Scientists have received a $500,000 grant from the M.J. Murdock Charitable Trust to build a city of the future in WSU’s engineering buildings, complete with simulated windmills, solar panels, fuel cells, power substations, and smart meters.
“Smart grid technology is at a critical stage with a need for successful demonstration,” said Chen-Ching Liu, director of WSU’s Energy Systems Innovation Center and leader of the project. “Large scale deployment will provide great opportunities to improve energy efficiency and grid reliability. A realistic test bed will enable us to make sure our research will be practical in the real world.”
Chen-Ching Liu, director of WSU’s Energy System Innovation Center, in the smart city lab.
Simulates real-life, complex testing
Starting with the 2009 American Recovery and Reinvestment Act, the U.S. Department of Energy (DOE) began a $4.5 billion investment in smart grid technologies that included demonstration grants and workforce training at institutions and utilities around the country.
With a long history and top-ranked program in power engineering research, WSU received support for a number of projects. Those include workforce development and participation in a DOE- funded smart grid demonstration project. Pullman is one of just a few smart-grid cities in the United States.
Utilities are making and testing equipment upgrades for a smarter power grid, but the grid’s complexity doesn’t easily allow these technologies to be tested system-wide.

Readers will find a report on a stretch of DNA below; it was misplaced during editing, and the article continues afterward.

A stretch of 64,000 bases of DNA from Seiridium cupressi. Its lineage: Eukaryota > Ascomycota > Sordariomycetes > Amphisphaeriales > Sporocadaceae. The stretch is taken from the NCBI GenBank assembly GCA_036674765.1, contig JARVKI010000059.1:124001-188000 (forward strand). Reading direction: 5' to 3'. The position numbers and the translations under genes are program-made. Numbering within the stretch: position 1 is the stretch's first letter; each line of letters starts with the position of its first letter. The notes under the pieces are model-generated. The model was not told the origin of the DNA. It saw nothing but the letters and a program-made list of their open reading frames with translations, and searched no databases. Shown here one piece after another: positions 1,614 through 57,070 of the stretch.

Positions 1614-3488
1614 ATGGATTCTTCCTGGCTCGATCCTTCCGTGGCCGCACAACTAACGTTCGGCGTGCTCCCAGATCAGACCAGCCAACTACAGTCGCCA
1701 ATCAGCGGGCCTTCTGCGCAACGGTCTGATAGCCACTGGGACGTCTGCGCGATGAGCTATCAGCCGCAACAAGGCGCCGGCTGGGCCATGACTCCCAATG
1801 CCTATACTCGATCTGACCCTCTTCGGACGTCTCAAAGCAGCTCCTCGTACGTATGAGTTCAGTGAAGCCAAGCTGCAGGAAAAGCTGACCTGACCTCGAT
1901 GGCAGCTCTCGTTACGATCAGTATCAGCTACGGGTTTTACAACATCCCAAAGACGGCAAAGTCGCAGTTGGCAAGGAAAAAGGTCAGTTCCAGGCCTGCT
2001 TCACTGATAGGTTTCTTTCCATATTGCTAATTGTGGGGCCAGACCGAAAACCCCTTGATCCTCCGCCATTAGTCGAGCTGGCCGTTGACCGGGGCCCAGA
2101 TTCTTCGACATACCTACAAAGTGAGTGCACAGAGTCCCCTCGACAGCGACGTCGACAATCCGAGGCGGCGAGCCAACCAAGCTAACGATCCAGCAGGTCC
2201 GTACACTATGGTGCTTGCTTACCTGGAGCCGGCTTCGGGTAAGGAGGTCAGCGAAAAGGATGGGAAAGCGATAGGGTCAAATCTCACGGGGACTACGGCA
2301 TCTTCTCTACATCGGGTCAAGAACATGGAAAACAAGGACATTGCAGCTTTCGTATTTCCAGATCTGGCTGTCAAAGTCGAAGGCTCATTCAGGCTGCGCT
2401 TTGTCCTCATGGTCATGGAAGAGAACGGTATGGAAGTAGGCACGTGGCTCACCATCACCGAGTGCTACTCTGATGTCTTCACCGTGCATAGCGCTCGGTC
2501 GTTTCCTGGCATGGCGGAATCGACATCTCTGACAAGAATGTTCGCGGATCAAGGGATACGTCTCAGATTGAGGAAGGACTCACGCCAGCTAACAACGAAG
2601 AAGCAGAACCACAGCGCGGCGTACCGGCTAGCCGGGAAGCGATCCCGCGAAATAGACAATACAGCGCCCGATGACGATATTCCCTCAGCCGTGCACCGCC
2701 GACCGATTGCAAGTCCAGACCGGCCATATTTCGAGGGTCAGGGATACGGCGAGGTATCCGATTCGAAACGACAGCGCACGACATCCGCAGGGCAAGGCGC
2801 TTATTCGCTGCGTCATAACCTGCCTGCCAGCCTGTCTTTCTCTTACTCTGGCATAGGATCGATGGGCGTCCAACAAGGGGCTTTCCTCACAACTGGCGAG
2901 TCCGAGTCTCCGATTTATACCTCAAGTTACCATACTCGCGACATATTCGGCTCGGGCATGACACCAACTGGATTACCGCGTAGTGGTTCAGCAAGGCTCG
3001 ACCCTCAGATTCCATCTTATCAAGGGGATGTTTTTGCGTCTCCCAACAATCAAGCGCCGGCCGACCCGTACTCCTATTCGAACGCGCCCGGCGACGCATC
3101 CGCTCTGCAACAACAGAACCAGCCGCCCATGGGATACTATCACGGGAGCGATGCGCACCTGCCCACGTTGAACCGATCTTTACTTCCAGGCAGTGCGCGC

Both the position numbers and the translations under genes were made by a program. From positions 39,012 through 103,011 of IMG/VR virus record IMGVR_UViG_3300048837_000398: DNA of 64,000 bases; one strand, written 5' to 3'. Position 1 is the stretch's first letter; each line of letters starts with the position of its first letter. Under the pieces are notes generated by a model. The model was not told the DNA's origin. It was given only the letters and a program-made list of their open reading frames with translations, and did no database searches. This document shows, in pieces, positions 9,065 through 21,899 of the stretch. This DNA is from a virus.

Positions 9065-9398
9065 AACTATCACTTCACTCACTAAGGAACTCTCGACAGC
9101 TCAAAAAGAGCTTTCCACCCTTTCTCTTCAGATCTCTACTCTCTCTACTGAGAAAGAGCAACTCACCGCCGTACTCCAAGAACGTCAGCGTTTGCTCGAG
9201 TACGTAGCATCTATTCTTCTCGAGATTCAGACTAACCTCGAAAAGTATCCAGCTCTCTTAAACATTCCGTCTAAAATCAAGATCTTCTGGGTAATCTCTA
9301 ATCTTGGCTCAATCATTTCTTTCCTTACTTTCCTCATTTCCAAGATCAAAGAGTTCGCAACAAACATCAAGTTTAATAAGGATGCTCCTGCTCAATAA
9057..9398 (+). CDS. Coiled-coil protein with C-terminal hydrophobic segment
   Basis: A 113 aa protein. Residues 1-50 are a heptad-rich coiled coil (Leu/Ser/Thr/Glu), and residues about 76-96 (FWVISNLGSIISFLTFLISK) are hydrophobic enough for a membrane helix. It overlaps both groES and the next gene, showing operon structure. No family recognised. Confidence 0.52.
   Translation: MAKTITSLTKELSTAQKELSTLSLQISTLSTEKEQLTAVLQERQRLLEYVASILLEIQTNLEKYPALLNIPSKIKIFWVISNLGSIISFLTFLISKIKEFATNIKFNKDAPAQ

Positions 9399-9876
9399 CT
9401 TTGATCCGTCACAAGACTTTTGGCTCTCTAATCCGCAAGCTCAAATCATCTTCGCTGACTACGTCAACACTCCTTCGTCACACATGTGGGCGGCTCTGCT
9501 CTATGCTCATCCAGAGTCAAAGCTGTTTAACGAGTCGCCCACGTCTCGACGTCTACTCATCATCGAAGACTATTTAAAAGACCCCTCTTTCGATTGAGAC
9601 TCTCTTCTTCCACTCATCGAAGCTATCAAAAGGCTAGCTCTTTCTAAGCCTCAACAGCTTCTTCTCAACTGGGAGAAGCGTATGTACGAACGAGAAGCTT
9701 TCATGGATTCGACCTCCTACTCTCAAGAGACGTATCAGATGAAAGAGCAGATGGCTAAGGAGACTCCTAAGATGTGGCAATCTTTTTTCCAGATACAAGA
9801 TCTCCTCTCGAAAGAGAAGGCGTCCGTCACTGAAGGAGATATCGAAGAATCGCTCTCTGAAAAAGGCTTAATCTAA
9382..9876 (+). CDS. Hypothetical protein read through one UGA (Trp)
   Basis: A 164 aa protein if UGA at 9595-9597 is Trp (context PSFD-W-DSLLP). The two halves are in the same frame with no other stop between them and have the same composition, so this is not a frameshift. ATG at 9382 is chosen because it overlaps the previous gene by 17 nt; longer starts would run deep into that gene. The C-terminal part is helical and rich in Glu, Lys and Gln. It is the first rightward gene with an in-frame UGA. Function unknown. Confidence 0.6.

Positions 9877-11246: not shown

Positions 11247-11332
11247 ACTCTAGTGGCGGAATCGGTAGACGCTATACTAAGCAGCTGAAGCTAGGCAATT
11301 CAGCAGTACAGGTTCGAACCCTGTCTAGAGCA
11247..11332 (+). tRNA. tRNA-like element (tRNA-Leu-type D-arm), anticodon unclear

“The already complex power grid becomes an order of magnitude more complex when combined with information age technologies,” Liu said. “With this comprehensive test bed, we will be among the best in the country. This will speed up adoption of smart grid technologies, which are difficult to test in real life.”
Renewable sources, technology require flexibility
Cities of the future will use more renewable energy to meet power needs. Solar and wind power are ramping up quickly in the United States, which creates technical issues and requires more flexibility from the power grid, Liu said.
The smart grid will have to be more efficient and secure and will increasingly use computerized communications and automation. Features such as smart meters will provide feedback to utilities about customer choices and desires.
The WSU researchers hope the test lab will help utilities answer questions such as how to better prevent and stop blackouts, save energy, and incorporate smart meters. The test bed will have comprehensive, advanced facilities for studying the power grid at the systems level and including complex interactions between subsystems and components.
Smart meters improve energy efficiency
The scientists last year received a donation from Alstom Grid that provided software to do simulations of electricity transmission and distribution. In addition to the Murdock Trust, Avista Corp. and Itron provide support for the lab.
The researchers will have the facilities to simulate automation, power substations, renewable energy devices, communication technology, and smart meters. The lab will include wireless links to smart meters at WSU Pullman. Research on smart meter data will enable development of demand-response programs that improve energy efficiency.